Date Archives October 2013

Walking a Mile (in My Shoes) as a Real Estate Agent

Overgrown railroad siding. Red Hill VA, September 2010

Being a real estate agent is one of the greatest privileges in the world. It requires a diverse skill-set of sales, compassion, empathy, marketing, organization, hustle, wit and patience. It’s connected me with people in ways unlike anything I’ve ever experienced before and is incomparable to any job I’ve ever had (and I’ve had a lot). It takes no guts to start but it takes all of them to continue.

I briefly started to emulate Greg’s thoughts and style and quickly determined that wouldn’t be fair to either of us. So I went with a bit of a stream of consciousness. But pulled out two of his points that resonated most with me.

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How Do you Feel about Paying for Each Mile you Drive?


Would you prefer to raise the gas tax or pay for each mile you drive? America’s infrastructure is crumbling. Literally. How might we pay for it?

Proposals for taxing vehicles’ miles traveled have been around for a long time.

A quick search on Richmond Sunlight shows that this bill “Motor fuel tax; joint subcommittee to study replacement with mileage-based fee. (HJ626)” failed to make it out of committee in 2009.

Virginia’s Department of Transportation released a study in December 2008 that addressed many of the options available for a VMT tax:

One alternative widely proposed to the fuel tax is a “Vehicle Miles Traveled” (VMT) tax. Under this system, drivers pay a fee based on miles traveled rather than a tax on the amount of fuel used. The VMT tax concept can serve broader policy aims as well, by enabling policy makers to set variable fees in different network areas to reduce congestion during peak travel times, a critical and worsening issue in some metropolitan areas.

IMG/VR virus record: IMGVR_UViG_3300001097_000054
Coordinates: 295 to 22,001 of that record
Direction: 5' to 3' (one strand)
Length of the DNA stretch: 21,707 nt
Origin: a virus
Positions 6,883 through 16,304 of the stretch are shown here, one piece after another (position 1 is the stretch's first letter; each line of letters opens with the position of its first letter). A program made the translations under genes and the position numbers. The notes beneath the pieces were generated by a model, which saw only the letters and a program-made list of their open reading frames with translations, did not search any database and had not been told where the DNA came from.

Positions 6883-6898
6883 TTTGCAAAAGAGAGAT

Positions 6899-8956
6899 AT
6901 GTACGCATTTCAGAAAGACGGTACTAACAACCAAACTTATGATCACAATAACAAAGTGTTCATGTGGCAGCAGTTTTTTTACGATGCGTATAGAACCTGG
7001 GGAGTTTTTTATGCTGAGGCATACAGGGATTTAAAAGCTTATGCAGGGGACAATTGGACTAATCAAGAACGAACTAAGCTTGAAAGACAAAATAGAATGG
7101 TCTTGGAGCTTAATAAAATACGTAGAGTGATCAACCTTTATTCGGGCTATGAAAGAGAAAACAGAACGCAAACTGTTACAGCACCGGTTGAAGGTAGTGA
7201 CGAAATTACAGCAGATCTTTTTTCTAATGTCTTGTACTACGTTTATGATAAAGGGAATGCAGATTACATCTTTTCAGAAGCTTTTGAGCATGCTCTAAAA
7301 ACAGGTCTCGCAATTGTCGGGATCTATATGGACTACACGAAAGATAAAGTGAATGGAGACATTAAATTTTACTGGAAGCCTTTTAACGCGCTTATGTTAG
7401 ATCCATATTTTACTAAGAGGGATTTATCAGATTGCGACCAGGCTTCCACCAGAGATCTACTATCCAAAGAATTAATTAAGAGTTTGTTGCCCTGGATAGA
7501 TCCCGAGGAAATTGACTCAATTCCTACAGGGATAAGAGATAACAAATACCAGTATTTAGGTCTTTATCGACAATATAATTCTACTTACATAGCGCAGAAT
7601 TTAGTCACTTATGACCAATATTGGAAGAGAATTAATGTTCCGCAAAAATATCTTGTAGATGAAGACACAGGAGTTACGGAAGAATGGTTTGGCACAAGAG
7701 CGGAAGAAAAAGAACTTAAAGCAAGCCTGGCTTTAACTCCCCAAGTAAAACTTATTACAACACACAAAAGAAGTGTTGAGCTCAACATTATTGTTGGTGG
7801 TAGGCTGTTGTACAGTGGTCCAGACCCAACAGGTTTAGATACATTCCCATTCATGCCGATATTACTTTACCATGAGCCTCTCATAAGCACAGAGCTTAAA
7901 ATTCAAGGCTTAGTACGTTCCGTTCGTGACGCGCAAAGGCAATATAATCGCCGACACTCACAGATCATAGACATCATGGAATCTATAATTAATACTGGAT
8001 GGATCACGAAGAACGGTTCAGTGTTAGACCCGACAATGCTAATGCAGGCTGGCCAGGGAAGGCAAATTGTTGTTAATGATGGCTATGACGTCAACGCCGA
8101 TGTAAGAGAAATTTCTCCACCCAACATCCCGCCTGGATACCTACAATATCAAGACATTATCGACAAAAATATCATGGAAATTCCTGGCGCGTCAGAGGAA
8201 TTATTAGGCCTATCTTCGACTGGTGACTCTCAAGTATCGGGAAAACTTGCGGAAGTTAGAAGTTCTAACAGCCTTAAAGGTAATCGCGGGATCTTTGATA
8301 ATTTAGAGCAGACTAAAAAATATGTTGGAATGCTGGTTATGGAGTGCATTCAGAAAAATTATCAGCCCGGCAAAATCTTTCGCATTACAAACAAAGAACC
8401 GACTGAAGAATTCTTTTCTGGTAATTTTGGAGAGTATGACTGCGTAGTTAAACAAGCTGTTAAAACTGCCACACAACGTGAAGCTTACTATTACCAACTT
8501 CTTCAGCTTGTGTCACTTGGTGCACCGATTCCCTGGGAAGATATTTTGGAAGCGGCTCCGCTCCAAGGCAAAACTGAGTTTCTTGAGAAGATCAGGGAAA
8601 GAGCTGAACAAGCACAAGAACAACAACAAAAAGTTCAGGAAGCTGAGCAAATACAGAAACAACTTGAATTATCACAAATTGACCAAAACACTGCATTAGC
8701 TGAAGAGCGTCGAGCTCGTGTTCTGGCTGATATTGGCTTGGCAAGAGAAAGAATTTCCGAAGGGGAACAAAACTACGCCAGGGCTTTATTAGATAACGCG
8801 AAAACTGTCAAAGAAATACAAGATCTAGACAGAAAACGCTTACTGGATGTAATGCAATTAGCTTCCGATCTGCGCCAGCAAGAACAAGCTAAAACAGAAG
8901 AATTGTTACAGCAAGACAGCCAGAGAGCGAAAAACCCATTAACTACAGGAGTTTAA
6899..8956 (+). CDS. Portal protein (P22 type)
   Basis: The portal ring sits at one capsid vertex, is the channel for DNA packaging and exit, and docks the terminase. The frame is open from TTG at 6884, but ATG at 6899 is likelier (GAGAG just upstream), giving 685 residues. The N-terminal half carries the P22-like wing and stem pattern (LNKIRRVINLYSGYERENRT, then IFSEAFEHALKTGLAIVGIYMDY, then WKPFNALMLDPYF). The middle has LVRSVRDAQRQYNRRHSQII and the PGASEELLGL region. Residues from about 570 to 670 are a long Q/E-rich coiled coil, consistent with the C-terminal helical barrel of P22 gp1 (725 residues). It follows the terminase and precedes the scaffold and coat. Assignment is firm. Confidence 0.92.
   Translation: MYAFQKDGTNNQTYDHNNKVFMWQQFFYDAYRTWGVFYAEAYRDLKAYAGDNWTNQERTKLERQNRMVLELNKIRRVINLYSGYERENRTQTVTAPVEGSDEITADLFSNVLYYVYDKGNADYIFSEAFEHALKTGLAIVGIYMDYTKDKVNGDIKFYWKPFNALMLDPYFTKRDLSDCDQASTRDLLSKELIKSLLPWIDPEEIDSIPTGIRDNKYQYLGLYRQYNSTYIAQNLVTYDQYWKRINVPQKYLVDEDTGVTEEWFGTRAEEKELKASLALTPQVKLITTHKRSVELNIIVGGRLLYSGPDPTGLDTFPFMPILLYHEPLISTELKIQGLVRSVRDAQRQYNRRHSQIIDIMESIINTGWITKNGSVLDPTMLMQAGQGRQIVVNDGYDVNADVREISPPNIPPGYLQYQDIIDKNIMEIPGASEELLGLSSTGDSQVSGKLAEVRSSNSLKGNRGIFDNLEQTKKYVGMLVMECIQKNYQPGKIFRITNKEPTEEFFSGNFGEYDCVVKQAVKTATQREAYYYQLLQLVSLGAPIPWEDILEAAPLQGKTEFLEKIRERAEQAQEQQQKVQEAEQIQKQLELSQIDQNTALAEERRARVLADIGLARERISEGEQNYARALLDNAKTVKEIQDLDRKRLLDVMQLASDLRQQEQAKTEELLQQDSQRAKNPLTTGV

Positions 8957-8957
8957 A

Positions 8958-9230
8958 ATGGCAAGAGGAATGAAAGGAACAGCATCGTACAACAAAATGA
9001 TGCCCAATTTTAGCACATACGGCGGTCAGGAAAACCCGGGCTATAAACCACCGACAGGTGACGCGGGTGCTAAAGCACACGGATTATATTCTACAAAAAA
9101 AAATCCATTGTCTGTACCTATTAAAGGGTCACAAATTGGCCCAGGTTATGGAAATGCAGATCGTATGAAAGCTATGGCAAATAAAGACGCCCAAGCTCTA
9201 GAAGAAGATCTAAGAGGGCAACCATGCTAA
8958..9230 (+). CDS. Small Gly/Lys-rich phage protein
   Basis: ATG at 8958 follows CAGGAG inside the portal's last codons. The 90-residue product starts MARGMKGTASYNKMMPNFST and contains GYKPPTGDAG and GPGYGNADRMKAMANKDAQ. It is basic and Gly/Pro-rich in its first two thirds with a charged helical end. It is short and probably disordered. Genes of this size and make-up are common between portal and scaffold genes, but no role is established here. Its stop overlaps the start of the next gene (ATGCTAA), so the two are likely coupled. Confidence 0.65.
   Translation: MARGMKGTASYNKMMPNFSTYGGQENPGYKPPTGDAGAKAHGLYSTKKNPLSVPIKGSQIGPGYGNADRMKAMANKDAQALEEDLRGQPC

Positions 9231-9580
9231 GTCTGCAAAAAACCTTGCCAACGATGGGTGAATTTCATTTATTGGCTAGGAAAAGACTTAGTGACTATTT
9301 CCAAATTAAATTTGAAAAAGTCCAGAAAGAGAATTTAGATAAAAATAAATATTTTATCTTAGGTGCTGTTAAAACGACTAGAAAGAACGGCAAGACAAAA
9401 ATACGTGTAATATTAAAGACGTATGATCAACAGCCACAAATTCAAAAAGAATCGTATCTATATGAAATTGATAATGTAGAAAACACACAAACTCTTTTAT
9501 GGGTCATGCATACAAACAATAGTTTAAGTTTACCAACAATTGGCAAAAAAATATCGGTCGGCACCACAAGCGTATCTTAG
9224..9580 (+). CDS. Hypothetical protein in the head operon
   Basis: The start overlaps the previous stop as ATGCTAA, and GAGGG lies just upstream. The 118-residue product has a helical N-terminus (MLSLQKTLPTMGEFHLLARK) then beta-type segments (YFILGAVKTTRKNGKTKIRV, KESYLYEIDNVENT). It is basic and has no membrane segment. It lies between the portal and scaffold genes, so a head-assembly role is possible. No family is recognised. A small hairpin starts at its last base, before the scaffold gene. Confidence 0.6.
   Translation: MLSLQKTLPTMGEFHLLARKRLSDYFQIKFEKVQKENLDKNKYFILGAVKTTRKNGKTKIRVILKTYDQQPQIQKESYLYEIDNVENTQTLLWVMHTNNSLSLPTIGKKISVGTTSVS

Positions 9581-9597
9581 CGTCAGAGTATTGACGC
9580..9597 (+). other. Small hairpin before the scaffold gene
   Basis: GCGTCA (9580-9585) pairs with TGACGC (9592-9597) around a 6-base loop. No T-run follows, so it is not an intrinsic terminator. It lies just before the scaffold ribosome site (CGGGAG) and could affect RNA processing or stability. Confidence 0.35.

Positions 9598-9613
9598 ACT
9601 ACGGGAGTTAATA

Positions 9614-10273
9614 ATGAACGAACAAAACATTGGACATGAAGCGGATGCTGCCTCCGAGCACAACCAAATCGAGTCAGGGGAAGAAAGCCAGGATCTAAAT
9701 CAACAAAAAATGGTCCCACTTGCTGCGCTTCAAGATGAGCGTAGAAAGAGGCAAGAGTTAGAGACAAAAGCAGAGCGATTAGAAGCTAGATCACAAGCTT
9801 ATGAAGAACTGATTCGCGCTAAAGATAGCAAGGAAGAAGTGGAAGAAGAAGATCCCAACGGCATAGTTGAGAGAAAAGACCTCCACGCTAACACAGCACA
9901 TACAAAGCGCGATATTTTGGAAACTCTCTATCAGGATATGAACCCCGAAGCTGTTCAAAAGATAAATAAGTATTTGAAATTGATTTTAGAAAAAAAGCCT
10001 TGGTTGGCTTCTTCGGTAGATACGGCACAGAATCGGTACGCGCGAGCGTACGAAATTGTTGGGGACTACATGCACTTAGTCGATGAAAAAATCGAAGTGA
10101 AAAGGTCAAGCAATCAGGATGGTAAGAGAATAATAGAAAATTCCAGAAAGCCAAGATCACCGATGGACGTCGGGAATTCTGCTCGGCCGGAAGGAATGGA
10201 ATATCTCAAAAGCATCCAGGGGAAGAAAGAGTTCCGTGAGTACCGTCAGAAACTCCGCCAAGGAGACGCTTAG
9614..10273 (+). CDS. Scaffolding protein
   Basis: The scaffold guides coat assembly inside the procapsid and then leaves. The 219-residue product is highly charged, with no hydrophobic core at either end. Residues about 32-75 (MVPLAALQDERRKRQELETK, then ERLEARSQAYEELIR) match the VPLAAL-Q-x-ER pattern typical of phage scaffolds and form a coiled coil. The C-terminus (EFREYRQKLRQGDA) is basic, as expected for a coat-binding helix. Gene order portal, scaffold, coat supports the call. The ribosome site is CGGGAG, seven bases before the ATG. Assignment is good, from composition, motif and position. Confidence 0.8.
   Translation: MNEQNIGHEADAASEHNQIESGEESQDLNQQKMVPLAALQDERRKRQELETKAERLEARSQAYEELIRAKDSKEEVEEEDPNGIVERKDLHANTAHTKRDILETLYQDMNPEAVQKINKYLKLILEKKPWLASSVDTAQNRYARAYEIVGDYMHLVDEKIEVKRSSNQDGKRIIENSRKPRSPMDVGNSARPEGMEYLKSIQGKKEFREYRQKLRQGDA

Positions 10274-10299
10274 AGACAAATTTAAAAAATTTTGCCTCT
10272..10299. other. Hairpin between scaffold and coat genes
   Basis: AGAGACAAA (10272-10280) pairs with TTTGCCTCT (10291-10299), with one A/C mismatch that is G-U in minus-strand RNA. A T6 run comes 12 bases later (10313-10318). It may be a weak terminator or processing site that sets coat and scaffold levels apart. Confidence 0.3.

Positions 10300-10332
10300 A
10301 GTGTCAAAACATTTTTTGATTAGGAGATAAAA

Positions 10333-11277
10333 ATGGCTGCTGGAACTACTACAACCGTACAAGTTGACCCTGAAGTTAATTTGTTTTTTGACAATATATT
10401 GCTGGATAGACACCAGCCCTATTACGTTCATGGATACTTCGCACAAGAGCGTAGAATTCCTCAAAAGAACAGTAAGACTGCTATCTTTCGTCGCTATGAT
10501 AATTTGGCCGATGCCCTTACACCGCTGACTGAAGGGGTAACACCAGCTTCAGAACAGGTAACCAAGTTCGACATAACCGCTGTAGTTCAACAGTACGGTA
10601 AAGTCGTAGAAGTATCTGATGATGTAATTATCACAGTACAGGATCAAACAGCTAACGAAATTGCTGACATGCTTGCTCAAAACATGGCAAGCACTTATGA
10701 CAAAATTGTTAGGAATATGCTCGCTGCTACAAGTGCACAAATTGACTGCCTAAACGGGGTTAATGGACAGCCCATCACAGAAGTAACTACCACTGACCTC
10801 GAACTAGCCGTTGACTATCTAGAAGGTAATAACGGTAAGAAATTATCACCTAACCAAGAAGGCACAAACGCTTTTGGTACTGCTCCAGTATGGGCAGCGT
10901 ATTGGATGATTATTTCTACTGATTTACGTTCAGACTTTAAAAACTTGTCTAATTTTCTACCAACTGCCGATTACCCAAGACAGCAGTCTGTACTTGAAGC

Some specific possible implications for real estate:

– Real estate agents might be less inclined to do full-day tours for incoming buyers
– I’d be tempted to encourage more drive-bys of homes and drive-throughs of areas than I do already
– We might see further hyper-local focus on areas and neighborhoods. When I was a new real estate agent in 2001, I used to go all over. As my career developed and gas prices went up, my geographical range for representation has shrunk. I tend to not go to Trevillians or Faber or Pratts very often anymore.
– Increase in bicycle use? Right now in most European countries, bikes are outselling cars. This, I’d say, is a good thing.
– Human settlement patterns may see even more trending towards denser urbanization.
– Higher demand for public transportation.

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Walking a Mile

If you’re curious about what it’s like to be a Realtor, spend a few minutes reading Greg’s post, Walk a Mile.

From yard signs (people who almost always say “that’s a lot of money”), from Zillow inquires and from escrow officers. From agents asking for feedback from a showing, from idx inquiries on other agents listings and from buyers who have to see a few houses “right now”. From loan officers telling you the appraisal didn’t come in at the right amount, from a buyer saying “thank you” or from another agent telling you that their seller went with “the other offer” instead. Answer in the middle of dinner with your family, at 11pm, on vacation.

I’m inspired to write my story. Publishing Monday.

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Questioning the Data – 3rd Quarter Nest Realty Market Report